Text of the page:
Two record-setting sales on January 14 are the latest indication of the strength of the international market for comic books and comic art. At Artcurial in Paris, a rejected 1936 Tintin cover illustration by Belgian cartoonist Hergé sold for €3.2 million (~$3.8 million), setting a world auction record for the most expensive work of comic book art. Meanwhile, at Heritage Auctions in Dallas, Texas, a copy of Batman No. 1 (1940) in excellent condition sold for $2.2 million, becoming the second most expensive comic book, and the most expensive Batman title, ever sold at auction.
Sold in the first session of Heritage Auctions’ Comics and Comic Art event, a four-day affair, Batman No. 1 easily broke the previous world auction record for a Batman comic, held by an issue of Detective Comics No. 27 (1939) that Heritage Auctions sold for $1.5 million this past November. Batman No. 1 is written by Bill Finger with illustrations by Bob Kane, including a punchy cover image that features Batman and Robin swinging in tandem through Gotham City’s skies. Its pages tell the legend behind Batman’s origin story and mark the initial appearances of the Joker and Catwoman (then called “the Cat”) before they would go on to be major characters in their own right and the subject of feature films.
Some of the chatter around the issue came from its pristine condition: it arrived at the auction block in a league of its own with a 9.4 grade by the Certified Guaranty Company, a third-party grading service that assesses comic book condition. The copy came with a sterling provenance, too. It belonged to Billy T. Giles, a comic book collector — and later, comic bookseller — who purchased it from Camelot, a famous Houston comic book shop, for $3,000 in cash. When Giles died in 2019, his son William, the consignor, inherited his comics collection.
“It was time for somebody else to have it,” he said in a statement. “Dad would have been glad his story is being told — ecstatic, really. What he did to get that book and how he took care of it. He always knew it was the finest and would have been so happy it has been recognized as the very best.”
Heritage Auctions Senior Vice President Ed Jaster expressed that the copy’s significance was clear from the get-go. “We knew when the book came in that it was beyond special, that it was a once-in-a-lifetime offering — from appearance, its blindingly bright cover to its white pages, to provenance,” he remarked in a statement. “We are not at all surprised that this has become a record-setting issue.”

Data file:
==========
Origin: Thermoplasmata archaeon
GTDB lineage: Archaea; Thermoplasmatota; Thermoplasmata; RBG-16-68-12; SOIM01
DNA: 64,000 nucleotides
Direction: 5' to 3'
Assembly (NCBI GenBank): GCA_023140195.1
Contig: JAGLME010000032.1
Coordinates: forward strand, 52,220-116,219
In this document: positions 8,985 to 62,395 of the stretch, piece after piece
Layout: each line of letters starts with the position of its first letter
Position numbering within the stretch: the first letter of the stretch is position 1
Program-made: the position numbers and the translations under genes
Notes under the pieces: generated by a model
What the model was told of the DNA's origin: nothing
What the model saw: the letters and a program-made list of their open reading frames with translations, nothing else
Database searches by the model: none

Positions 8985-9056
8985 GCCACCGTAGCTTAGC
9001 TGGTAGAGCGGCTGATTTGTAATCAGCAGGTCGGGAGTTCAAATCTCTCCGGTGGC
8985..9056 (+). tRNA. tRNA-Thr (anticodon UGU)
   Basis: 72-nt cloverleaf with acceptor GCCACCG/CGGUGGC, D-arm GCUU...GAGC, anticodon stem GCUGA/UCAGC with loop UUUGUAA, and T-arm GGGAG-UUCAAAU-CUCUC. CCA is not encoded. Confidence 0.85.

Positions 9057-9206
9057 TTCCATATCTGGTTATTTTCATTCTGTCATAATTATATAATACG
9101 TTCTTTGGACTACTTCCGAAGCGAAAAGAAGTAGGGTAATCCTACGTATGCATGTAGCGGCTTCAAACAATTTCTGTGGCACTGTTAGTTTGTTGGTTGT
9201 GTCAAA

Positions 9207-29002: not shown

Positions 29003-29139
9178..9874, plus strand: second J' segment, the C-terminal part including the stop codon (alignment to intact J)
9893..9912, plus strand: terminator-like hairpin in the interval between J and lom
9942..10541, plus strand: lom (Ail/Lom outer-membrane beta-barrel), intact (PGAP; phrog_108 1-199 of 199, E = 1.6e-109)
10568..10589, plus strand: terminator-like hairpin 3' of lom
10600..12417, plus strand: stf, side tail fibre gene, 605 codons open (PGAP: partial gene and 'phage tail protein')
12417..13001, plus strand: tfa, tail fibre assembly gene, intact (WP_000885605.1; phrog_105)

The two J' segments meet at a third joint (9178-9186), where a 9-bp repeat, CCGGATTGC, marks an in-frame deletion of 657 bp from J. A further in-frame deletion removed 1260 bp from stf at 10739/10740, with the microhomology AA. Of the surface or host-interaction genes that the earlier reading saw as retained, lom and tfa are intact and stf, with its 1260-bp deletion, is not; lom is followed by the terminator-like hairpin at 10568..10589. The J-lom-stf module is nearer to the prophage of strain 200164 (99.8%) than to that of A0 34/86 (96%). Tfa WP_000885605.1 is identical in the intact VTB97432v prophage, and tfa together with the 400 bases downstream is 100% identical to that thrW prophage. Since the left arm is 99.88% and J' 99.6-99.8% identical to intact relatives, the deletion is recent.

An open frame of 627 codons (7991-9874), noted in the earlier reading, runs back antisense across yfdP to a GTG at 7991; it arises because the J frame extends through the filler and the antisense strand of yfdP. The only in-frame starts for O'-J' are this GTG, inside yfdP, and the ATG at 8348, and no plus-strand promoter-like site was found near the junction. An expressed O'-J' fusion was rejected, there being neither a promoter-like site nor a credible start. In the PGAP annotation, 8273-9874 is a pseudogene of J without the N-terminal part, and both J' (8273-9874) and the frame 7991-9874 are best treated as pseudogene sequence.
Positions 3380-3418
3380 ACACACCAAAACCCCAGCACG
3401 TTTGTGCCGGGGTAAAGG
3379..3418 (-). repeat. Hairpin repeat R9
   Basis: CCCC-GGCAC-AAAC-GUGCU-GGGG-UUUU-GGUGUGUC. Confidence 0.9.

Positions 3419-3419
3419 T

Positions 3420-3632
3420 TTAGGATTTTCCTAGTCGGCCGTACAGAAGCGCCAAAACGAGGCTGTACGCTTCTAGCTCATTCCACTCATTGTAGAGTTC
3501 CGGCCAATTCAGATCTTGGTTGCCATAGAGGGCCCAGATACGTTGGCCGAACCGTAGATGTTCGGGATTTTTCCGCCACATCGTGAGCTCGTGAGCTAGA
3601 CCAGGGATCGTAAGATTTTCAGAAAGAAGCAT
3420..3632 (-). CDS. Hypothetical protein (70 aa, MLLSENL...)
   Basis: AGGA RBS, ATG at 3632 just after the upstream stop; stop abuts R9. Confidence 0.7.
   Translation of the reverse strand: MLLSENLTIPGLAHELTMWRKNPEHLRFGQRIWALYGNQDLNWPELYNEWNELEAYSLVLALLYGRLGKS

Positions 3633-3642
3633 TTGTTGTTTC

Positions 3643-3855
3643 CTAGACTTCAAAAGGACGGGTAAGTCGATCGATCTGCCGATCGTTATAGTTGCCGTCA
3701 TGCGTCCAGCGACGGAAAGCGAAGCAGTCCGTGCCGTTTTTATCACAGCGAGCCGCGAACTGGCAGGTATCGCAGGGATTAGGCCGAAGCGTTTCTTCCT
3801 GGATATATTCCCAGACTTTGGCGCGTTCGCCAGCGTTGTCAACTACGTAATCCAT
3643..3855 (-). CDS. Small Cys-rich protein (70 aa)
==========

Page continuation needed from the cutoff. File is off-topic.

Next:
At Artcurial, a rare piece of Tintin cover art, the star lot in a sale of work by the Belgian illustrator Hergé (Georges Remi), swiftly surpassed its presale high estimate of €2.8 million (~$3.4 million) when a private collector purchased it for €3.18 million (~$3.8 million). Made with gouache, watercolor, and India ink, the image depicts the child hero Tintin and his dog Milou (“Snowy”) peeking out from a porcelain jar as they hide from a large dragon. Hergé, the inventor of Tintin, made the work to serve as the cover of Le lotus bleu (The Blue Lotus) (1936), the fifth comic book in the series, in which the pair heads to China.
In a video on the auction house’s website, Artcurial’s comic book specialist Eric Leroy explains that the work was ultimately refused as a cover image by the publisher Louis Casterman because it would have been too expensive to print in color using the four-color process. Hergé made a simpler version of the piece for the cover instead and gave the original version to Casterman’s seven-year-old son, Jean-Paul Casterman, one of the work’s consignors. It’s not the first time that Artcurial has set a record for Hergé’s work: the auction house holds eight of the top 10 auction prices for the artist, and its 2014 sale of a page of Tintin drawings for $3.6 million held the previous record for a work of comic book art.
In a statement released after the record sale of The Blue Lotus cover artwork, Leroy said: “Thanks to its unique characteristics, this masterpiece of the ninth art deserves this world record and confirms the excellent health of the comic strip market.”
Some museums are opting for new language to describe the preserved individuals in their collections who were once living humans.
Presented by Northwestern’s Block Museum and McCormick School of Engineering, this new exhibition seeks empathy at the boundaries of life. On view in Evanston, Illinois.
Located in Des Moines, Iowa, this residency for emerging and established artists includes studio and living space, a $1,000 monthly stipend, and more.
As art history buffs on the app have pointed out, both movements attribute meaning to the meaningless.
Multiple posts about the film have been taken down on Twitter, many of them following the government’s removal requests.
This week, blonde hair supremacy, Salman Rushdie’s new novel, and why do boutique shops all look the same?
Fayneese Miller is under fire after the school failed to renew the contract of an adjunct who showed artworks depicting the Muslim Prophet Muhammad.
Fully-funded teaching assistantships are standard for MFA students at the top-ranked, flagship research university in the state of New York.
Hundreds of visitors were evacuated from the Incan site over the weekend.
The artist’s works resonate in West Texas, where the story of dehumanized and exploited migrant laborers is tangible and ever-present.
A posthumous show of Price’s work is curated by James Hart of Phil Space, the self-proclaimed “gallerist of death.”
She has raised generations of Bay Area artists and changed the local landscape with her public artworks, colleagues tell Hyperallergic.